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**EDIT**: possible approach iff v = (const)/√x. I should have looked at all the prior posts so the following is wheel-spinning ... I don't read Russian but post 40 sure looks like v = 0.55

*something*/s i.e. constant.

1. Let length of pendula = L instead of 1. I don't lke losing the ability to check dimensions as I stumble along.

2. Change v = a/√x to c/√x. "a" should be reserved for acceleration.

So one mass starts at x = -x

_{0}/2 and the other at x = x

_{0}/2.

With these mods, taking the mass at x= x

_{0}/2,

Σ F

_{x}/m = a

_{x}= kq

^{2}(x)/mx

^{2}- gx/2L,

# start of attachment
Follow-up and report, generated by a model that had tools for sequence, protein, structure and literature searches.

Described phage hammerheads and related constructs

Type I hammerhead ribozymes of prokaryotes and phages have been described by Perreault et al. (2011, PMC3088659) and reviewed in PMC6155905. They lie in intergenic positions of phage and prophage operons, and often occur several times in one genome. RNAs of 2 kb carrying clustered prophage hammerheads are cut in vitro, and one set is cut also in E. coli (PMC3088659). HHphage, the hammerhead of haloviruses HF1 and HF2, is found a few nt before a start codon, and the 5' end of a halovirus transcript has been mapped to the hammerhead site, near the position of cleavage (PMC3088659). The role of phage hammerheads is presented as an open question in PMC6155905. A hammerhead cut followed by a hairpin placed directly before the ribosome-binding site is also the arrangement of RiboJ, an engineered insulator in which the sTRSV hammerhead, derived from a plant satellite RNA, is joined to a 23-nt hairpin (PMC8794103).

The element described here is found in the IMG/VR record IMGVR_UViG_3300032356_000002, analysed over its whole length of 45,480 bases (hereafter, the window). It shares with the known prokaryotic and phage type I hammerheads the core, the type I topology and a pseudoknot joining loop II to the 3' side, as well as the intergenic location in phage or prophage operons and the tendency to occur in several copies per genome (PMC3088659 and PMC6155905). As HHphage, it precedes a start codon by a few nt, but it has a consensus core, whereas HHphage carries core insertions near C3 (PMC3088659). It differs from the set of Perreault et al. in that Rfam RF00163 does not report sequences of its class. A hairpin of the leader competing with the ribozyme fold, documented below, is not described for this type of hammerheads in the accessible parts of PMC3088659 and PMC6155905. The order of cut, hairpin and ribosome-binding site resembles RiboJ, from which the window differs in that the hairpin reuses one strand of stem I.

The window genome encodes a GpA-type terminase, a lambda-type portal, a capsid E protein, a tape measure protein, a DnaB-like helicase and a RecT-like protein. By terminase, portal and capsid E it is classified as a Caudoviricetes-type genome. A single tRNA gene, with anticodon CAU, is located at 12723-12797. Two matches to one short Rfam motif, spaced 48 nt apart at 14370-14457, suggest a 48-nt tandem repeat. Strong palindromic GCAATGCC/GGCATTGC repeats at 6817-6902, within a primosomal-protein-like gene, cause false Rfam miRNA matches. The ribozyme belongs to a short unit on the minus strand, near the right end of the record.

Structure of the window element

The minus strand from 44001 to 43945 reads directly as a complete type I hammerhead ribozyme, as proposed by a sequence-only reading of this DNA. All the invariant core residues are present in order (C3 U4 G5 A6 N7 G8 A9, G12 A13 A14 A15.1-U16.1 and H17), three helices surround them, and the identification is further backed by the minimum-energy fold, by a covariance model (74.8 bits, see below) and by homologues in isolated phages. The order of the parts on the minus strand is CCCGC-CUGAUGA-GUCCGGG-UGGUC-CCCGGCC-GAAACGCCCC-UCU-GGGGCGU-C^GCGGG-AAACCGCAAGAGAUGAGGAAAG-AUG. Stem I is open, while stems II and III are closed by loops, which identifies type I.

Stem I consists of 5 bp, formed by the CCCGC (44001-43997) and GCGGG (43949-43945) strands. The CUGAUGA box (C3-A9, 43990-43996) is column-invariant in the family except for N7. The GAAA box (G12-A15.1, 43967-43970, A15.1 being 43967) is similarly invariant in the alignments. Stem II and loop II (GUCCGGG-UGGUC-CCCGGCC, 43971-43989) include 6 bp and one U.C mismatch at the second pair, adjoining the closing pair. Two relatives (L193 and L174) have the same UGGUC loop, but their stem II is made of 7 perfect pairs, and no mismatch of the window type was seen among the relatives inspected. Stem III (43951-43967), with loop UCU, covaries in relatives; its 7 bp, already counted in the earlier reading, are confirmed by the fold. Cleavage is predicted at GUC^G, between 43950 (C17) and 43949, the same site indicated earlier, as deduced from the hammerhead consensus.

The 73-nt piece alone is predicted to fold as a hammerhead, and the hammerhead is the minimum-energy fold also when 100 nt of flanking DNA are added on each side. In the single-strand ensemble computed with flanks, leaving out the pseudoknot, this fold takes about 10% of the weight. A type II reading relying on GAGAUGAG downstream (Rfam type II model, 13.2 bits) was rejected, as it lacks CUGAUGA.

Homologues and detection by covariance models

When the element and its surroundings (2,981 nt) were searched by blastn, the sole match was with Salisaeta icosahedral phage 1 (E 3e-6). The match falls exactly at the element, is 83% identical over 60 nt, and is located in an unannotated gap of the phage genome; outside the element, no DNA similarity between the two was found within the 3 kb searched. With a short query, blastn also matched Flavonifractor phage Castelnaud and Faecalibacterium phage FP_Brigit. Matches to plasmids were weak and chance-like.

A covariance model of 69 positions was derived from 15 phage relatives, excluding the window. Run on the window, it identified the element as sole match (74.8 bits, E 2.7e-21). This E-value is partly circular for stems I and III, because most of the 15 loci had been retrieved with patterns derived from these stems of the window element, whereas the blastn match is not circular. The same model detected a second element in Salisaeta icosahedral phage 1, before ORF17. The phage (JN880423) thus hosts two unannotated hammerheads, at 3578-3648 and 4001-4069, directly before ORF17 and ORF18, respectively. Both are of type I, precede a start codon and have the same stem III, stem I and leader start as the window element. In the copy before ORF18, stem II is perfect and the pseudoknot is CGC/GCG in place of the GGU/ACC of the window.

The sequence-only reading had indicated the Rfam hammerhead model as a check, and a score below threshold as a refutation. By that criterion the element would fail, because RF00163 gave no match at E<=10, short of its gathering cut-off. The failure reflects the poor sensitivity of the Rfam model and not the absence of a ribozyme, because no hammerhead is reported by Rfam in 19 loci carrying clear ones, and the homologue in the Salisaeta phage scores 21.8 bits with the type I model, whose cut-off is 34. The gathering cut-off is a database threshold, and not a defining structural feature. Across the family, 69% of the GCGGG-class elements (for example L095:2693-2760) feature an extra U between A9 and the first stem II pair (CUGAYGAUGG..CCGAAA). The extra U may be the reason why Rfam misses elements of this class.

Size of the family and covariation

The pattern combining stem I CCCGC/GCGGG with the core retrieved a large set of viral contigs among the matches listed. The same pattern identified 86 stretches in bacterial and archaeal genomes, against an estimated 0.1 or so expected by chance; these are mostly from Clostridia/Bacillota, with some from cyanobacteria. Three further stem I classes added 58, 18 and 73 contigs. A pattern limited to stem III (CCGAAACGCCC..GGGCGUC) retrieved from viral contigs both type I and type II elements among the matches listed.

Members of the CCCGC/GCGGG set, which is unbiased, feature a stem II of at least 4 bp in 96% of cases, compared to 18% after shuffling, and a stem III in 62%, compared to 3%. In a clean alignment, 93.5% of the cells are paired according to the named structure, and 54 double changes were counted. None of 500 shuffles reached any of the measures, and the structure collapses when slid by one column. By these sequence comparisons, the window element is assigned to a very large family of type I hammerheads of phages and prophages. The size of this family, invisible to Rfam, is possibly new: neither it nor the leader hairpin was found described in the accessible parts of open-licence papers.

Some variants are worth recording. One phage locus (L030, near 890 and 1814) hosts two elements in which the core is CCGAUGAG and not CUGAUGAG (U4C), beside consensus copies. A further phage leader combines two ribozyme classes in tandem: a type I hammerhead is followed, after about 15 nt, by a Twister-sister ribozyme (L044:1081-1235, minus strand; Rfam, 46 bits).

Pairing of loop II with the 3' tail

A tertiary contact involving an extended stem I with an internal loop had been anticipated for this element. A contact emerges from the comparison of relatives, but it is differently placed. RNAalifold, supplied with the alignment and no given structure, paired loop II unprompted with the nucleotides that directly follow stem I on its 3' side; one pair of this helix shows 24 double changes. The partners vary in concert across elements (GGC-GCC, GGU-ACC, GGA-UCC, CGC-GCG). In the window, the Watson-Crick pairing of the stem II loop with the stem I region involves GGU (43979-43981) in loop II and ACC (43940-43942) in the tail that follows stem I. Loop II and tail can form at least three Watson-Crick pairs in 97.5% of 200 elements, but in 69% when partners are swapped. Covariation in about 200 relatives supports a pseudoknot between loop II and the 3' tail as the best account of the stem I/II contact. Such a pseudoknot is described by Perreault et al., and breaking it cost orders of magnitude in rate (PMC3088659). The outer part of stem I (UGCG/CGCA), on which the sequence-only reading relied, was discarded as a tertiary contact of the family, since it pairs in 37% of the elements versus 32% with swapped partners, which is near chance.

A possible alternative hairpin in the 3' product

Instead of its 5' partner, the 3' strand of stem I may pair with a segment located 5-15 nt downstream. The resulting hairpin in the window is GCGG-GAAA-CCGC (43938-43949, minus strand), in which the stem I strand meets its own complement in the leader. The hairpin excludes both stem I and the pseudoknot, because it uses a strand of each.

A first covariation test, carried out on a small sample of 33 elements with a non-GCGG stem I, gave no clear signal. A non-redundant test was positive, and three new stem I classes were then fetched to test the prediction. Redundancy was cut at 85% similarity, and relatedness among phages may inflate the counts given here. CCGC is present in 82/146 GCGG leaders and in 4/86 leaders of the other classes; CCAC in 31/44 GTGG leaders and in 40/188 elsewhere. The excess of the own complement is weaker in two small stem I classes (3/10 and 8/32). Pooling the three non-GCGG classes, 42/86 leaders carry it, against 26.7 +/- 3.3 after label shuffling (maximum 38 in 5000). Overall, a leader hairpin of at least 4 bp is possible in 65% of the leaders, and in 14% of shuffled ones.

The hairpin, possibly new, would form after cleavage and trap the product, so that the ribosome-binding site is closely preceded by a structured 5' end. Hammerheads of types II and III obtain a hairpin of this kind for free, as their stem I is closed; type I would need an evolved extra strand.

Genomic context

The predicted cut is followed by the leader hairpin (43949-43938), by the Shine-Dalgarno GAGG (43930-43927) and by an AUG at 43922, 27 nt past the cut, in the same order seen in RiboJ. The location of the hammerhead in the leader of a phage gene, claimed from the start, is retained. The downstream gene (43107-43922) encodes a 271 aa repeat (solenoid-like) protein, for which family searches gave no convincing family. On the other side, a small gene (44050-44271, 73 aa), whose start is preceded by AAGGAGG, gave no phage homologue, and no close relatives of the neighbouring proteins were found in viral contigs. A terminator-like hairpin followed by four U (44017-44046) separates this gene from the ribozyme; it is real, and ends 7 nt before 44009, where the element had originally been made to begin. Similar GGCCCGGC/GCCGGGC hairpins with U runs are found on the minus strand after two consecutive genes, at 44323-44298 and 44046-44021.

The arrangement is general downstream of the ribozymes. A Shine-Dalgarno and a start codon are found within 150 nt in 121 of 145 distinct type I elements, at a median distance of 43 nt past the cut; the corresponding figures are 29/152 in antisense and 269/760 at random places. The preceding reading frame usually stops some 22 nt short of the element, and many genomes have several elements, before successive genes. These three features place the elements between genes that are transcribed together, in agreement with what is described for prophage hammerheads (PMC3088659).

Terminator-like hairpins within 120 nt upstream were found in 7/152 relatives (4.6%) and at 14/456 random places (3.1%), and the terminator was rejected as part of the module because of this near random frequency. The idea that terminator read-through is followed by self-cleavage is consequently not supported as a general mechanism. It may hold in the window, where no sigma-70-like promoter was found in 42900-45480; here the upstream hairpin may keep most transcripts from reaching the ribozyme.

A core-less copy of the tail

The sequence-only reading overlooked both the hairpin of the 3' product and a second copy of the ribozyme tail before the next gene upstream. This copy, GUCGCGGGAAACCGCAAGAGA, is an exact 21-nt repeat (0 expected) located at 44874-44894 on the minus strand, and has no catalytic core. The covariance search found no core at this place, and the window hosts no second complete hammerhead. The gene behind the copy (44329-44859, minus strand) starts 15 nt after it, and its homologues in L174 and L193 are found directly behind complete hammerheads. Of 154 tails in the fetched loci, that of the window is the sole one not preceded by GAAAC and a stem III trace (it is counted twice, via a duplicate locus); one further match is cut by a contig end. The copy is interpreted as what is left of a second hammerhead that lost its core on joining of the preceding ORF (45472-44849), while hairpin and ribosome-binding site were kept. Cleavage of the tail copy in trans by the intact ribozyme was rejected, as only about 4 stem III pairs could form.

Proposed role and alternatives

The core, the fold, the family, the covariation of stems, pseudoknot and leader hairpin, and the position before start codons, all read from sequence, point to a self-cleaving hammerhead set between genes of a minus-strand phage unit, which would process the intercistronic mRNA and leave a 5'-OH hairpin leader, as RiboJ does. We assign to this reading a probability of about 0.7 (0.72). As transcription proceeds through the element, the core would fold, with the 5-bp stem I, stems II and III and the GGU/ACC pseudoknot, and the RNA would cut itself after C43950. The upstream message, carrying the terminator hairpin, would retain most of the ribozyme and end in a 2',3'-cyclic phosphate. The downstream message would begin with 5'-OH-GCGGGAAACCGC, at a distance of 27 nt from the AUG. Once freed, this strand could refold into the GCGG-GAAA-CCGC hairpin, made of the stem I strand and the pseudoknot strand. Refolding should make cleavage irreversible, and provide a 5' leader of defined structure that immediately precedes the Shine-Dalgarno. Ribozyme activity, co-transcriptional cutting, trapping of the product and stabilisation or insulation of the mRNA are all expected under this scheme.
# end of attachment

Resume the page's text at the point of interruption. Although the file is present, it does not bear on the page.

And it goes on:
v

_{x}= ∫ a

_{x}dt = ∫ a

_{x}/v

_{x}dx = cx

^{-1/2}

winding up after some grief with

q

^{2}(x) = (m/2k)(gx

^{3}/L - c

^{2})

So we have q(x).

To get q(t) solve dx/dt = -cx

^{-1/2}giving x(t) = {x

_{0}

^{3/2}- (3/2)ct}

^{2/3}.

Then substitute for x in q(x) and that's it.

Still

*very*laborious. Lots of opportunities for mistakes!

I wonder if we could cheat and ignore gravity?

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